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Dr. B.
Dr. B., Cat Veterinarian
Category: Cat
Satisfied Customers: 21749
Experience:  I am a small animal veterinarian with a special interest in cats and am happy to discuss any questions you have.
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My cat is 12yrs 6month and recently had a geriatric blood test

Resolved Question:

My cat is 12yrs 6month and recently had a geriatric blood test which has come saying he has an overactive thyroid I am concerned because he is not showing any of the signs for overactive thyroid I.e weight loss he has inthe fact gained weight no Increase of thirst no wanting to be feed wall the time and no vocalizing I do not want him to have medication if it is not necessary I am looking for advice plae
Submitted: 2 years ago.
Category: Cat
Expert:  Dr. B. replied 2 years ago.
Hello and welcome, I am Dr. B, a licensed veterinarian and I would like to help you with your wee one today.

Was his heart rate elevated when his vet examined him?

How elevated was the thyroid level on the bloods?
Customer: replied 2 years ago.

As far as I know his heart rate was ok although he was terrified at being at the vets I don't know what the thyroid level was in his blood at the Intitial exam the vet even said to that he didn't think there was anything wrong with his kidneys or thyroid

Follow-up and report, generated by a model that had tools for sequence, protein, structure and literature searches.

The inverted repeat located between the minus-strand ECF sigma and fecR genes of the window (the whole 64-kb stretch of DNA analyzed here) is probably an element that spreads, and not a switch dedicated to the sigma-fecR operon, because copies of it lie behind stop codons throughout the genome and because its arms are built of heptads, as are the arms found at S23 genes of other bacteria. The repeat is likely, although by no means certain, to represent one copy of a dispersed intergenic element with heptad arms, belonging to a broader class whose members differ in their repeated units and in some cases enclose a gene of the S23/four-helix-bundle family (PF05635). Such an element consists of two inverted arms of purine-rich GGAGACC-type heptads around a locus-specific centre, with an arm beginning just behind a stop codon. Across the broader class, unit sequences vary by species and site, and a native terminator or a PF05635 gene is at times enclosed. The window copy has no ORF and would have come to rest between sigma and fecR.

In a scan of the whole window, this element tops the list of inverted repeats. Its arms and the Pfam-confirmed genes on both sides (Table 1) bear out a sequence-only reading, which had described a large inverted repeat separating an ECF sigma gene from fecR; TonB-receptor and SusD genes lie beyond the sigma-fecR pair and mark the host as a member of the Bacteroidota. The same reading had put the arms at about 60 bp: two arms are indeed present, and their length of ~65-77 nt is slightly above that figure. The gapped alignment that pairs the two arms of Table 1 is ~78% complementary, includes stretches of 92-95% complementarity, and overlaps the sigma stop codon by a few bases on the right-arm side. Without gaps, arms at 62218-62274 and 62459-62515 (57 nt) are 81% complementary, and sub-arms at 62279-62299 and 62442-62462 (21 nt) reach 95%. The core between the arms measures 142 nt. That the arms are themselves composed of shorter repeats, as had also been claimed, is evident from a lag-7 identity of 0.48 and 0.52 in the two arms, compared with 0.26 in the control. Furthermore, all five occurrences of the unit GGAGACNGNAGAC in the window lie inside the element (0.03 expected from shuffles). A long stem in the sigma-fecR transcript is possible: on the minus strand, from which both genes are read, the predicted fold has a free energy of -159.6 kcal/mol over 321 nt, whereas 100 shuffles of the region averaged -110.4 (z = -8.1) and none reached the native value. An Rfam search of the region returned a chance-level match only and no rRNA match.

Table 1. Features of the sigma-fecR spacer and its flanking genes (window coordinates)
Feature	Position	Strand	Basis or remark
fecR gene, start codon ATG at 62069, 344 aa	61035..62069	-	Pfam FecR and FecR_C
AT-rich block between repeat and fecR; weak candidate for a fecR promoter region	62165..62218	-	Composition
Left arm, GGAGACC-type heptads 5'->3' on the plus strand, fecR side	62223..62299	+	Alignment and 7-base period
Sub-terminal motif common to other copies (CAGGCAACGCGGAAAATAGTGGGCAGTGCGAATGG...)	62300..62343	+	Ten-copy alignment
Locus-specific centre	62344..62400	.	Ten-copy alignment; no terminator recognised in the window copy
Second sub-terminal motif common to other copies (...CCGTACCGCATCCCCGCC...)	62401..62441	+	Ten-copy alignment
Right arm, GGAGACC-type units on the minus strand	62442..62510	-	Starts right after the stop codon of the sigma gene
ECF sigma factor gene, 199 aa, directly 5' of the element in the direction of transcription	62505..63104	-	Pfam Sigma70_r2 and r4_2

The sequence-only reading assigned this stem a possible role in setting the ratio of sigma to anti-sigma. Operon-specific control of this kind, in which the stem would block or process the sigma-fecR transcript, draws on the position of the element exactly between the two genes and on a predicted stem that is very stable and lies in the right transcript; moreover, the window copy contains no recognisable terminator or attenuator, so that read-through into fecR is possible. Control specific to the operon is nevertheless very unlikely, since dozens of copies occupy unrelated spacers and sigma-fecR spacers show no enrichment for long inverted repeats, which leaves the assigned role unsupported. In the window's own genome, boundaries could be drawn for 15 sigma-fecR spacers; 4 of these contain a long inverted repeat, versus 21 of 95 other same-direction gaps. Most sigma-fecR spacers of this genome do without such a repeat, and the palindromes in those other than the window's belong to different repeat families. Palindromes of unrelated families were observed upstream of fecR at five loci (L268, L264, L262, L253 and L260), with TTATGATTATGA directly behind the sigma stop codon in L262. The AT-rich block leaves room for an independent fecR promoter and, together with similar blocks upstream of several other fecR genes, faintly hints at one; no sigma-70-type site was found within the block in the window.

Expert:  Dr. B. replied 2 years ago.
Thank you Rosemary,

In a situation like this, we do need to tread with care. As he doesn't appear to be hyperthyroid, I would first suggest having the vet phone the lab to confirm or recheck the results. That way we can make sure this wasn't lab error.

If the results are genuine, then we do have a few options. As long as he doesn't have a racing heart rate (which you could try taking at home by putting a hand over his heart, counting the beats for 10 seconds + then multiplying by 6. Ideally, unstressed at home it will be <180bpm) and no signs that fit, then you can monitor with a view to just rechecking the thyroid levels in 3-6 months. Of course, if he is early stage and we were to see signs start to creep in between then and now, then we'd need to consider treatment at that point.

Otherwise, I would say that if you wanted to err on the side of caution without giving medication unnecessarily, you could also consider putting him on Hill's Y/D (More Info) at this point. This is an iodine restrictive diet that is used to manage thyroid disease. It works by limiting the excess iodine that the overproductive gland would use. That means it only has enough iodine to support normal thyroid function. So, if we put Dennis on this, he would have enough iodine (and all his other nutrition needs of course) for normal function but if his thyroid is even thinking about being overproductive, then it would block that and head off any development of clinical signs. So, that would be an option as well.

I hope this information is helpful.

If you need any additional information, do not hesitate to ask!

All the best,

Dr. B.

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